And nor should it be, says Brian O’Hanlon, president of Open Blue, a cobia producer in Panama.
“We’re not trying to compete with tilapia. We’re trying to compete with more premium whitefish on the market like halibut, grouper, Chilean sea bass,” says O’Hanlon. “When you look at that end of the market, there’s not a lot of options that are farm raised. It’s a premium whitefish, and to get that off a farm consistently and supply that stability to the market, I think it is exciting to see where cobia can go over the next year.”
Sport fishermen prize cobia not only for its flavor but also for its feistiness. Though wild cobia is too wide-ranging and solitary to support a viable commercial fishery, cobia farms have appeared in warm waters around the globe in the last decade.
According to the United Nations’ Food and Agriculture Organization, worldwide farmed cobia production was less than 2,500 metric tons 10 years ago. In 2009, production surpassed 30,000 metric tons, with more than 80 percent in China, the world’s largest producer, and Taiwan. There are no statistics for U.S. cobia imports yet, but in a likely response to its increasing popularity the U.S. International Trade Commission gave cobia an import code on Feb. 3 (it was previously lumped in with unspecified finfish). Cobia import numbers are expected to be available this month.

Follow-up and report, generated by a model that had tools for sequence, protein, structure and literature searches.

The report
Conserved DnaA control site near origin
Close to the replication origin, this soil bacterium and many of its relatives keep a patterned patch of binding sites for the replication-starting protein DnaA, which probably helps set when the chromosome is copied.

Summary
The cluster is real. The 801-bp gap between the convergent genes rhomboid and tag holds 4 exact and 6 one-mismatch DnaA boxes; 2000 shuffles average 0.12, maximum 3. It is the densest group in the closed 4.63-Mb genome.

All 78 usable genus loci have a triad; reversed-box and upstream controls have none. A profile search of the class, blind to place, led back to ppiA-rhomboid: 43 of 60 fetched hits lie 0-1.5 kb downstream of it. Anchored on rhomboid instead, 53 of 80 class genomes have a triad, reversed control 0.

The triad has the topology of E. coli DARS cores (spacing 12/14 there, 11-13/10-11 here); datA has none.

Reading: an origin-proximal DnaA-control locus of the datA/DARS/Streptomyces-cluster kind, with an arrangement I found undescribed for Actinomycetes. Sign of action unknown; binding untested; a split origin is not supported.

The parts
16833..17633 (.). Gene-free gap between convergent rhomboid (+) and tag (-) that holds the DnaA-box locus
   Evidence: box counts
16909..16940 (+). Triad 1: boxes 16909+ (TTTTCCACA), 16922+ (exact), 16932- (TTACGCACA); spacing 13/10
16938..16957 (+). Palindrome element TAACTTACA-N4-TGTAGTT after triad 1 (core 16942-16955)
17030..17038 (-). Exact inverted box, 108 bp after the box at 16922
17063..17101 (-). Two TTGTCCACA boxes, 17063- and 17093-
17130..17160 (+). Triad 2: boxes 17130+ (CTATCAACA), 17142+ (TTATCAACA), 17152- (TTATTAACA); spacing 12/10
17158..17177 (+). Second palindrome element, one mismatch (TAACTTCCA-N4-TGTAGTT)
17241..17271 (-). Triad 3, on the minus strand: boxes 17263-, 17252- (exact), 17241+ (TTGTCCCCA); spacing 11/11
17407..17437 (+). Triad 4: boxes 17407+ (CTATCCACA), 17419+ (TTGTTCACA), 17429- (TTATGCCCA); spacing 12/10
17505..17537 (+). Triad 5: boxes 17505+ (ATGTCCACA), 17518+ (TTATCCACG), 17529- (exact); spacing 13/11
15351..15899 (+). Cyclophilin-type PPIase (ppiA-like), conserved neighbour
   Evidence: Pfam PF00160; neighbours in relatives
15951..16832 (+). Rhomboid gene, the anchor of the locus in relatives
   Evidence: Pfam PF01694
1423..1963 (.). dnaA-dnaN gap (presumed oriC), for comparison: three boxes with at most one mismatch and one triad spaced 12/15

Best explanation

Open Blue, one of the major operators targeting the U.S. market, leases about 2,500 acres off Panama’s Caribbean coast and is positioning itself for major growth within the next couple years.